5 min read
At dConstruct, John Willshire spoke about Metadesign and introduced his workshop called "Popular Thing For Broken Thing".
Ben Sauer suggested that we try this workshop with Chloe, Monika and Chris (the Clearleft Interns). I was fascinated by John's talk on Metadesign as well as the workshop he presented. While other Lefties had participated in the workshop at UX London already, it was new to me.
So we spent the rest of the afternoon on the "Popular Thing For Broken Thing" workshop.
I couldn't find a description of the workshop anywhere, so I'll just describe an outline of the workshop as we performed it. If John Willshire provides me with his outline, I'll update it.
John's dConstruct 2015 Metadesign Talk
While I'm going to provide my own breakdown of the workshop, I'd also like to include John's talk at dConstruct so you can get a bit of context for the workshop through John's words rather than my own.
Popular Thing For Broken Thing Workshop Outline
Part I: Find A Startup
1. Write down two examples of broken things (product, service, public service, etc.)
2. Write down two examples of popular things (apps, startups, etc.)
3. Present them to the group
4. Create two columns: popular things on the left, broken things on the right
5. Discuss the pairings of popular things for broken things with the group
6. Re-order pairings to 8 startups from the popular / broken combinations
7. Choose a single startup as your own
Part II: Iterate Your Startup Pitch
8. You have 60 seconds to pitch your startup to a partner
9. After both partners have pitched to one another, STIR up your startup (Steal an idea, Turn your concept (pivot), Improve upon it, Reorder your pitch)
10. Move onto your next partner and pratice your 60 second pitch again
11. Repeat until you've pitched to everyone in the room
Part III: Give Your Final Startup Pitch
12. Each person has 60 seconds to give their final pitch to the entire group
Reflecting On The Workshop
I had loads of fun at this workshop. It seemed to be a really simple and easy way to generate startup ideas that had legitimate value. Some of the pairings between popular and broken things were a lot more difficult to work with than others but some of them seemed to be perfectly natural and sensible—"Why didn't I think of that?" type ideas...
It also appeared to be immensely valuable for the Clearleft Interns in helping them deal with the complexity of their breif.
Reflecting On Metadesign
I guess that's the value of Metadesign as John spoke about. His talk didn't explicitly say this, but I think this is what he was getting at:
Design isn't hard. People make it hard by making it overly complex. Why not use design to design the framework in which we solve problems? Why not design the environment to facilitate an incredibly simple experience of solving otherwise complex problems?
Metadesign is about designing the design process, or designing how we solve problems. Good design is elegant and simple. So good Metadesign would presumably create an elegantly simple way for us to design.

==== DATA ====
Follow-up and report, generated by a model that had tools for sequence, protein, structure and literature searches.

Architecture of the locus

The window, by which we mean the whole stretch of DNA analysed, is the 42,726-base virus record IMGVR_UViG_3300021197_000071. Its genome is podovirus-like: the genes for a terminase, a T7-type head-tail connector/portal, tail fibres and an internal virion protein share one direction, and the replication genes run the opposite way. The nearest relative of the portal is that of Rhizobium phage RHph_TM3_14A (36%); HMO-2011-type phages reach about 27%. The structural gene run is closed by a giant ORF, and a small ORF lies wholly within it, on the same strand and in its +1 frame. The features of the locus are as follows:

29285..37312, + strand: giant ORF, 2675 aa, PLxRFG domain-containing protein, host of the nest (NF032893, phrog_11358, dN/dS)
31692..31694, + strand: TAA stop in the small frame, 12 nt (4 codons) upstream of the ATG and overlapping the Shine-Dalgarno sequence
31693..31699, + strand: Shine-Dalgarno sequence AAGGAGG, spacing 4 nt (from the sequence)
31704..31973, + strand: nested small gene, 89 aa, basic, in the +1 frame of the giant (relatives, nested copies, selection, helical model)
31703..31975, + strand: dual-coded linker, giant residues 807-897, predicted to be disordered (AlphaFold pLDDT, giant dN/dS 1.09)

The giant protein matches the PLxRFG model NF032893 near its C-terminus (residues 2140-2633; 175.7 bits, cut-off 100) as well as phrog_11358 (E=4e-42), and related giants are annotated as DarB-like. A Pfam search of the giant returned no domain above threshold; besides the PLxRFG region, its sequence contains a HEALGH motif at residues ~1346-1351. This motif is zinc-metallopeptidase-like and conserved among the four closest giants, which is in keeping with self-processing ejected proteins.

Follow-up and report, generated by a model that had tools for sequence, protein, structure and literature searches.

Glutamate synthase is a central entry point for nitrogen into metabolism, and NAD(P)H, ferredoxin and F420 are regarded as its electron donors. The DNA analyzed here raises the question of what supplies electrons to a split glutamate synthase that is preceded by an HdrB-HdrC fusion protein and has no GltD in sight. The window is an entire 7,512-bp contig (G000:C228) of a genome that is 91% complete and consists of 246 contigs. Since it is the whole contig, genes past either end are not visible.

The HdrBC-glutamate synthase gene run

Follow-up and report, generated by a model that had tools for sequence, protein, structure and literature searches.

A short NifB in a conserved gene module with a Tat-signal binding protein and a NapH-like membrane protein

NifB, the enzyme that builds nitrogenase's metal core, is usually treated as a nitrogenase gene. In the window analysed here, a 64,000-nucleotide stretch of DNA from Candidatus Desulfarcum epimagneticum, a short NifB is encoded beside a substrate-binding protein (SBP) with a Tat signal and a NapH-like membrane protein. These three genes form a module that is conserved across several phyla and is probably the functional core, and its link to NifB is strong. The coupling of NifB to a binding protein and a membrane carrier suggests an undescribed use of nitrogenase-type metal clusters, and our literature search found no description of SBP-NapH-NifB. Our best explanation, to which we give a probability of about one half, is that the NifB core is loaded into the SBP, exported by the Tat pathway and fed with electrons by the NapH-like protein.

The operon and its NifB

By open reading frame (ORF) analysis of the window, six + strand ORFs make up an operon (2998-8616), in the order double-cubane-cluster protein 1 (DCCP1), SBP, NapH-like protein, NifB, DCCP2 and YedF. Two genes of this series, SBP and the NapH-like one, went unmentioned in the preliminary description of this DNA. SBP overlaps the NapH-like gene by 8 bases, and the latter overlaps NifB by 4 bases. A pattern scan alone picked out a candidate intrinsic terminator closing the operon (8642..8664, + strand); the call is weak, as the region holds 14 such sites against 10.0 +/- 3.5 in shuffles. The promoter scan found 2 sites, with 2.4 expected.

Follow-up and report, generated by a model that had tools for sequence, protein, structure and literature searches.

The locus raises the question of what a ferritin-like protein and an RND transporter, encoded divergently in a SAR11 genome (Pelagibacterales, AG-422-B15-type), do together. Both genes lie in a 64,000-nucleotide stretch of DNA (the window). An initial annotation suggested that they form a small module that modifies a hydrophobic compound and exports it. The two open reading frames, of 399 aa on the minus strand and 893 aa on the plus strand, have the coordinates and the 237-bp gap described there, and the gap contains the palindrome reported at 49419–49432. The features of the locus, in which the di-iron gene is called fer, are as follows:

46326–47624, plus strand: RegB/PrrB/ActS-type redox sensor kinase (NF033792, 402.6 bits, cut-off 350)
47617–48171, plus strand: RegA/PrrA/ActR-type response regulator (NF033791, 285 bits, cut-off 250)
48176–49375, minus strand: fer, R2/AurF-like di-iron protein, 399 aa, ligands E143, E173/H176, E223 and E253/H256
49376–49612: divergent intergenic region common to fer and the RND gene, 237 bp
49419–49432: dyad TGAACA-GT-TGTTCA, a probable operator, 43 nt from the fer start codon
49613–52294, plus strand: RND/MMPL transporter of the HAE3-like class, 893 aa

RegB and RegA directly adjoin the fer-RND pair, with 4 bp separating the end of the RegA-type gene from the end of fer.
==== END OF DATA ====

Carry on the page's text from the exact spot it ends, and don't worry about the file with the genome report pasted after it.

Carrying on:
As an outcome of the workshop, I had a startup that I legitimately want to pursue. Here's a version of my pitch that I arrived upon at the end of the workshop:
My startup is called 'Refuge'. It is a slack community for the refugee crisis. Right now, there are millions of refugees from all over the world trying to find new homes. There are citizens who are trying to welcome refugees into their spare bedrooms and there are governments and charities who are trying to solve this problem on a national and international scale.
Currently there is no central communication platform for all of these people to communicate.
I want to use Slack as a free and open central communication platform for the refugee crisis. I am going to create a simple landing page that describes the idea and calls people to action by submitting their names and email addresses.
I will create a Slack community with various topics and regions so that:
- Refugees can share their stories and reconnect with family members
- Citizens can open their rooms and homes to refugees and refugee families
- Governments and charities can communicate with the international refugee crisis and use all of the information in the Slack community to make well-informed decisions
What Do You Think?
After the workshop I left determined to bring this 'startup' idea to life. It's not a startup in the traditional sense where a company is testing out a profit model, but it's a startup in the community sense where an individual has a problem and is trying to build a community around that problem so that we can work together to find a solution.
I'd love to get your thoughts about this concept. I've been talking to Jake Rogelberg, the founder of Designer Hangout about how he started the UX Community on Slack with over 5000 UXers from around the world.
Are you interested in helping refugees? Are you a government official who is compelled to help solve this crisis? Are you a refugee looking for a platform to communicate to the rest of the world?
Drop me a line or add your voice to the comments below.